The one simple piece of advice that every person that becomes self-employed or runs a small business has likely heard is that you need to separate the personal from the business. If you’ve heard this little nugget, then you’re probably eye-rolling along with me. Part of the reason it’s so cringey is because it’s so off base, if you do separate the two sides much, then you’re ignoring key self-employment financial tactics.
But it’s a cliche that I find is not only false, but an impossible ask. When someone runs their own, one-person business or has a company with a few employees, the ability to separate business finances from the personal finances is nearly impossible. Sure, from a structural and legal standpoint, you must have tools in place to keep a line between your personal and business affairs.
But for your finances, the entities will remain intrinsically intertwined for as long as you operate the business. When your business does well, it will have an impact on the personal. When the business performs poorly, you will feel it in your own finances.
I’m here to tell you that it isn’t a bad thing. By admitting the fact, you can now plan for it. The other option is to ignore reality, only to be blindsided when something negative occurs. Or to constantly live in a state of worry without a plan while you try to separate the two parts of your life.
Instead, accept the fact that the two are intertwined in a myriad of ways.
When running your own venture, one way to build long-term wealth is to ensure you have funds you’re setting aside for retirement. This has a two-pronged effect.
First, it grows your overall financial picture, since you have dollars set aside for when you no longer work. These funds will grow based on the way you’re investing, so they provide a resource not linked to the success of your business.
The second, and sometimes overlooked reason, is because it saves you on taxes. The more you’re stocking into these accounts, the less you’re charged by Uncle Sam (up to the contribution limits).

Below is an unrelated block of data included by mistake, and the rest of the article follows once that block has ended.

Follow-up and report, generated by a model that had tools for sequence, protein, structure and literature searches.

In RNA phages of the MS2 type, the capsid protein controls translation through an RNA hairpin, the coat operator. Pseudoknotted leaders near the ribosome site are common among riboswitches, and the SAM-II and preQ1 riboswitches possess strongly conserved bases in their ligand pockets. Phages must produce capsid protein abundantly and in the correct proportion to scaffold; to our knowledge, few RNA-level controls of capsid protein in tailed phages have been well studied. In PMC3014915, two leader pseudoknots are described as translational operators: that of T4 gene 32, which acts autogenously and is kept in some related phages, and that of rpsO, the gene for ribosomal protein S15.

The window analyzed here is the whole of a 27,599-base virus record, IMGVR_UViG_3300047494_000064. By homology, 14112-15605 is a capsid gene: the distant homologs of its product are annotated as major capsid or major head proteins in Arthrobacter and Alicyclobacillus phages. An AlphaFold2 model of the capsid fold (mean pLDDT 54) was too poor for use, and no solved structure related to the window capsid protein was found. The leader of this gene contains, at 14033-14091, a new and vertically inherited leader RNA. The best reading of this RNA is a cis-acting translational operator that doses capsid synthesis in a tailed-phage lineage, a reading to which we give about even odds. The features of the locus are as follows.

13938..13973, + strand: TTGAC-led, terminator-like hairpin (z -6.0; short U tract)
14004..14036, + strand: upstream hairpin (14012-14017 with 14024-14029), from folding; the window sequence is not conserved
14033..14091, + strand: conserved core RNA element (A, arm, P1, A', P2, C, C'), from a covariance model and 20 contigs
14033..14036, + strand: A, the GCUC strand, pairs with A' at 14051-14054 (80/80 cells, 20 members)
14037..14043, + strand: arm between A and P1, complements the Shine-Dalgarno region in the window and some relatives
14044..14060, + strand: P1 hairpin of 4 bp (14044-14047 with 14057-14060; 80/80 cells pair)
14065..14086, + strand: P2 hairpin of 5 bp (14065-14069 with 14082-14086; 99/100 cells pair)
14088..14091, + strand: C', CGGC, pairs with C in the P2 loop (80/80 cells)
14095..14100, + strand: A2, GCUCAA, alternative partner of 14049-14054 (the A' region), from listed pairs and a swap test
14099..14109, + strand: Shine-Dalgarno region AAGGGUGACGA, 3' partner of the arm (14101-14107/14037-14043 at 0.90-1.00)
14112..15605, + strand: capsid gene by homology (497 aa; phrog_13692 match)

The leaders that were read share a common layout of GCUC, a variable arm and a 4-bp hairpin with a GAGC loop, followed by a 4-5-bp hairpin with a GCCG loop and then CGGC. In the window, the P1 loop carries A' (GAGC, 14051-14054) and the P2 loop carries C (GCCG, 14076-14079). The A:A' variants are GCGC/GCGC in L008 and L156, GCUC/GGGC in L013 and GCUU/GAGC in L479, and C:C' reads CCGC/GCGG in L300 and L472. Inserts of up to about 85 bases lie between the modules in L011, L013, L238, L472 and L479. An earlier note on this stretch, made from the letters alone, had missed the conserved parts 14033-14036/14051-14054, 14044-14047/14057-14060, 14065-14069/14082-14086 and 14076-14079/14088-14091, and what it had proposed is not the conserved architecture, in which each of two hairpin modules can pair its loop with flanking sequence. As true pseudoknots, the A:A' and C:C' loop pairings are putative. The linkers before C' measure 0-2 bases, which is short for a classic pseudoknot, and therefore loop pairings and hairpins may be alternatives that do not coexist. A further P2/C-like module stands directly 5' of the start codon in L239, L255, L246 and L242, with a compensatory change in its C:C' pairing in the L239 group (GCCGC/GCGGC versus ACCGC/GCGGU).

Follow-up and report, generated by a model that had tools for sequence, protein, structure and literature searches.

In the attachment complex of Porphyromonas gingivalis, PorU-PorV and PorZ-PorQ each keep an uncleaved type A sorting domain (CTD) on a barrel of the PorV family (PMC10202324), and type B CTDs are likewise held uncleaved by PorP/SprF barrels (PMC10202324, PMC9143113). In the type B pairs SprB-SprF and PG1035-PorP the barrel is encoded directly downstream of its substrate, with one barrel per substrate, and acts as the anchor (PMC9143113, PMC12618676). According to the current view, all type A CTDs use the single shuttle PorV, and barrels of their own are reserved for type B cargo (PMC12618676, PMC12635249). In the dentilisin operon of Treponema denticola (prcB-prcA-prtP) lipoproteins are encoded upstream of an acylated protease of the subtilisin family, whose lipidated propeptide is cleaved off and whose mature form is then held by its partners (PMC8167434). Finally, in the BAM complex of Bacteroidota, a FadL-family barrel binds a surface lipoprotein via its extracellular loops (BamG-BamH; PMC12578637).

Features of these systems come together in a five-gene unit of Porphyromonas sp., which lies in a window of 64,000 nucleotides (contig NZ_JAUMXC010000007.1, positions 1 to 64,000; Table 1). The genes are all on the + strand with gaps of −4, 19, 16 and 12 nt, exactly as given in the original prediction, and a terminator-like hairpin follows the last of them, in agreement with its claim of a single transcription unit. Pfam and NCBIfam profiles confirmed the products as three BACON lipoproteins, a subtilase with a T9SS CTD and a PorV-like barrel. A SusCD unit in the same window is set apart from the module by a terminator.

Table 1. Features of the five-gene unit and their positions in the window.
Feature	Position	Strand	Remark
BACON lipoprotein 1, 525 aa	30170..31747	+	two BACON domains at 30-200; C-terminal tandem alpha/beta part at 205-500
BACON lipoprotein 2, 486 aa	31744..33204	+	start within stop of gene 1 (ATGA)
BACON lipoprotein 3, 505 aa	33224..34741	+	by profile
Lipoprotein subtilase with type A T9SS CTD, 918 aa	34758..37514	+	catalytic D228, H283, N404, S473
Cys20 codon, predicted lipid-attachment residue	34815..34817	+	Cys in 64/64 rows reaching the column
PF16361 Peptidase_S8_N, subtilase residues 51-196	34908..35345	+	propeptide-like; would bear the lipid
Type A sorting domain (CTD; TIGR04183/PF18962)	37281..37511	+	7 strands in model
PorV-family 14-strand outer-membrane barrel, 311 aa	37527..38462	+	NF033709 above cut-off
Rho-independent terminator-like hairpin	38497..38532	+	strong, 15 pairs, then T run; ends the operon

This has real world implications on how much money you have to funnel into your personal needs. It protects you long-term and gives you a sense of security, even if your business fluctuates wildly.
There are plenty of other ways, beyond retirement savings, to protect your money. This includes having the right structure for your organization. With the right planning, you can reduce the amount that you and your family pay each year.
Since many self-employed individuals file as LLC, they’re essentially a sole proprietor in the eyes of the IRS. For small businesses with a few employees, they remain an LLC, and it depends on how they choose to get taxed. But in both cases, there are options to be taxed as an S-Corp, which can reduce the overall amount of self-employment taxes (Social Security and Medicare) that you pay.
I recently wrote about the importance of this S-Corp election – as well as talked about who should do so. You don’t have much time, if you want to make this selection for 2023.
Again, if your organization reduces its tax base, then it gives it more wiggle room during tougher periods. This wiggle room can protect the personal side of things, depending on how deep the business suffers.
When someone says how much they’re paid, they’re usually talking about the salary. When someone who is self-employed states how much they make in revenues, it’s not much different. Sure they have expenses that they can write off, but there’s an inherent link between how much the company gets paid and how much you earn for the year. The fewer employees, the more closely this number is linked.
How large or fast this number is growing can have a one-to-one impact on how you view your own financial picture, what goals you believe you can achieve and whether or not you feel successful or content. It’s vital to recognize that or else it can have dramatic impact on your personal finances.
For example, if a business struggles to get off the ground and you place a significant amount of debt on a credit card, whose credit score will suffer? The business, which is you. Your ability to suddenly find credit in a pinch will be hurt.
Recognizing these pulls, urges and feelings towards the solo or small business is key to success. In part, because if you recognize the pull, you may be able to prevent yourself from making a mistake during a moment of panic.
Next time someone tells you to separate the business and personal, tell them to try and separate their salary from their finances. See what they say.